How to Evaluate Creative
I have a special fondness for creative types. Yes, with their highly “right-brained” (intuitive, non-linear, associative) dispositions, it can be a challenge getting them to meetings on time or keeping to deadlines. But life would be so boring without them, and advertising wouldn’t really exist at all. The most difficult moment for creatives is when, after weeks of self-torture, sleepless nights, and god knows how many gallons of coffee and other substances they’ve ingested, they present their work to you. Here are 10 helpful tips for evaluating creative in a way that may bring you better results and make you some friends along the way.
1. Make sure you’ve provided a thoughtful, focused and insightful Creative Brief. Without this, you don’t have the right to demand good work.
2. Review the brief, or at least have it handy, when you’re being presented with creative work. Reference the insight in it if necessary, without religiously adhering to the document.
3. Let the work speak for itself – and breathe a bit – without long explanations and rationales from the creatives. I’ve had the pleasure of working with teams that are very talented and use few words to present the work. They know that we, the marketers, won’t be around to magically explain our choices to consumers.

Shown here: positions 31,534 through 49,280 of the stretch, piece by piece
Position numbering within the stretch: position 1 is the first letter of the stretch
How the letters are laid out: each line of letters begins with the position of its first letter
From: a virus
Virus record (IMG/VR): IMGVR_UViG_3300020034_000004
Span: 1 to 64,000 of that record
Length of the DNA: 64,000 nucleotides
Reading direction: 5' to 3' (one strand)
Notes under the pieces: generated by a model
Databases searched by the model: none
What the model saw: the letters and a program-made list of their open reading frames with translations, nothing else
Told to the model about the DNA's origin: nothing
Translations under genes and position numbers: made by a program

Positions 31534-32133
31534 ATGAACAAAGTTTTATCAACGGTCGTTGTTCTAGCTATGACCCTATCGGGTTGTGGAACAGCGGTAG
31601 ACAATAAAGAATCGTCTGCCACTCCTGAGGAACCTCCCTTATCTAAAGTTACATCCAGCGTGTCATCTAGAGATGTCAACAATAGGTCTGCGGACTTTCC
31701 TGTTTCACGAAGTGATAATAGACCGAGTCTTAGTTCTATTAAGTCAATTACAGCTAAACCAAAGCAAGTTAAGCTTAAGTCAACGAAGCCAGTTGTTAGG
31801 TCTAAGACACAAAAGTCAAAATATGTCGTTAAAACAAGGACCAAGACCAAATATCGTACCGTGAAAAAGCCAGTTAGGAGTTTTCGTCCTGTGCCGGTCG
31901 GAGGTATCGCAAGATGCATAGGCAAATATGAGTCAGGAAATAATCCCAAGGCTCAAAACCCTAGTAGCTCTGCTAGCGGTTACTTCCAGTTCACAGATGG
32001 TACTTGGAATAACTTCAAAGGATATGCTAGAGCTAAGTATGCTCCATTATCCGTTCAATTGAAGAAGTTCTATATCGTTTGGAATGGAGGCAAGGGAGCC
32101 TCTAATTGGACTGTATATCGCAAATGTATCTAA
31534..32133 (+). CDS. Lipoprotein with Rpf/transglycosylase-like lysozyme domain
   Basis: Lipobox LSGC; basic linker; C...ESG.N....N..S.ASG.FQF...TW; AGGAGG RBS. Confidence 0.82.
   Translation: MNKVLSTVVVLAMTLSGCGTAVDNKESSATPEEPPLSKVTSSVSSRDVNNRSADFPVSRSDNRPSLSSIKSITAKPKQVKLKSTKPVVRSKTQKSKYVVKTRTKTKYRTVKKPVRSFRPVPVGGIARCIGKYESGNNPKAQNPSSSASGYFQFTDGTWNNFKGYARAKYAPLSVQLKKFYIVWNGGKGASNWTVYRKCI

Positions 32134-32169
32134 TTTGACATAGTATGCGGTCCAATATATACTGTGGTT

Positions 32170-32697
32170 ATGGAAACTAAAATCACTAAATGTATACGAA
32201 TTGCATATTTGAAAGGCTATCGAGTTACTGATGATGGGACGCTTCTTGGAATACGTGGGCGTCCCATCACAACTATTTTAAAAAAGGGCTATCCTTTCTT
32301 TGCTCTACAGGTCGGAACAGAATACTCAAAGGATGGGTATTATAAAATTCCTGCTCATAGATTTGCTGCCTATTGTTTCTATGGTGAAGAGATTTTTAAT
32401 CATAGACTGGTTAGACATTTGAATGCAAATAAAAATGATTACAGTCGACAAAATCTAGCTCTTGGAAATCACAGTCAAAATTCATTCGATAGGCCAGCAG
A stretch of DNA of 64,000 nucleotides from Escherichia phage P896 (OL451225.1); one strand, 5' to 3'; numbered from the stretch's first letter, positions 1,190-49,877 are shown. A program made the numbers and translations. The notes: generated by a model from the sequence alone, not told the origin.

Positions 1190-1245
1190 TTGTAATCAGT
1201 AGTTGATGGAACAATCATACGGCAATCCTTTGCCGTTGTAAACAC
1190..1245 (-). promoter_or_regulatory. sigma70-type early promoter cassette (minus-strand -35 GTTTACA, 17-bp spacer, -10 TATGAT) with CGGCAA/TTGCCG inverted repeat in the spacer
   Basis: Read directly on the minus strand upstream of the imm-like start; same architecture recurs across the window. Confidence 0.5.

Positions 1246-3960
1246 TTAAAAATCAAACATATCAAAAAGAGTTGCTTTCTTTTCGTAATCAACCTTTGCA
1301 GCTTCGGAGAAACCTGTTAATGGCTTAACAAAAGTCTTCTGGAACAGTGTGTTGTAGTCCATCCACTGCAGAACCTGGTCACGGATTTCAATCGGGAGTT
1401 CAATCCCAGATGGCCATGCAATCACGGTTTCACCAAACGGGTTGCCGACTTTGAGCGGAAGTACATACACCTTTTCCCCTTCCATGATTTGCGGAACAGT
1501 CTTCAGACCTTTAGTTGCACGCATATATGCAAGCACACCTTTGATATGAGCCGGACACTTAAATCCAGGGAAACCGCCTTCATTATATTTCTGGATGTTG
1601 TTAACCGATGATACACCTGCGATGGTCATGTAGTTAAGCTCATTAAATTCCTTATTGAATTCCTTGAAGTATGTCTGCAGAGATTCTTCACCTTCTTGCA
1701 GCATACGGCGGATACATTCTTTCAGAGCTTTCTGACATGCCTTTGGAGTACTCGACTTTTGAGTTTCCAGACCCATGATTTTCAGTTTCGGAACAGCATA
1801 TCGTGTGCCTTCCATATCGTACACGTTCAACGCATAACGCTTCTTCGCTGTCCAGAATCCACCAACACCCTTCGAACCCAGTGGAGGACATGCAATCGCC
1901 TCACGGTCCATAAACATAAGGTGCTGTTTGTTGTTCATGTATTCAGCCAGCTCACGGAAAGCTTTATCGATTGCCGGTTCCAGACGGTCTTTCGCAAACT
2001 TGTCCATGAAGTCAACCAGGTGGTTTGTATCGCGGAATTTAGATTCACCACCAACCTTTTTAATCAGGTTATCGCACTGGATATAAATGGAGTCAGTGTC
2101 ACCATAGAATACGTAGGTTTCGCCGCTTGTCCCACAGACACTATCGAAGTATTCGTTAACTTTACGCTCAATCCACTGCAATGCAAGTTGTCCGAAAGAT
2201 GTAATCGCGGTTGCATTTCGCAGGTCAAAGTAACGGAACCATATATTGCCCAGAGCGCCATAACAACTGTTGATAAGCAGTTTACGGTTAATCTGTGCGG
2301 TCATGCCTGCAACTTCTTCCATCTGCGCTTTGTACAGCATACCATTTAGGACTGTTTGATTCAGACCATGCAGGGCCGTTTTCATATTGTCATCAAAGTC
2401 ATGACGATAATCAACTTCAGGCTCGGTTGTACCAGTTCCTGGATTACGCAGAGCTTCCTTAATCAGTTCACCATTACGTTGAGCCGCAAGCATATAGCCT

4. If some of the work you’re presented with is not exactly on brief, withhold your judgment and give the work a chance. Sometimes the best work is a bit off-brief, and any creative team worth their salt will stretch and challenge your assumptions. That said, you have a right to expect a certain number of ideas that accurately express the brief.
5. Look for ideas that have that eerily “memetic” quality – like it’s deeply familiar without being derivative, and it sticks in your mind and won’t let go.
6. Look for what’s truly “campaignable” – meaning, a concept that is compelling in multiple channels/media and where you can imagine a nearly endless series of executions. A gift that keeps on giving.
7. Refrain from applying the feasibility or “can I get this approved by my clients/powers that be?” filter until you’ve narrowed the set down to what’s on brief, memetic and/or highly campaignable.
8. Once you’ve gotten down to the best candidates, then begin the process of considering how you’ll get the work approved and what the financial and time considerations are for each one. If need be, you may need to ask the creative team to come up with additional ideas that are a bit more feasible.
9. Resist the temptation to “test” the work thru quant or qual research. Consumers have a hard time evaluating creative out of context – and will often behave quite differently once it’s in market. Many a good campaign (and big budget movie) was ruined because creative work was put through the wringer of testing.
10. Find specific things to thank and praise your creative team for. They likely worked hard and suffered a bit to develop the work for you, and deserve your encouragement and respect.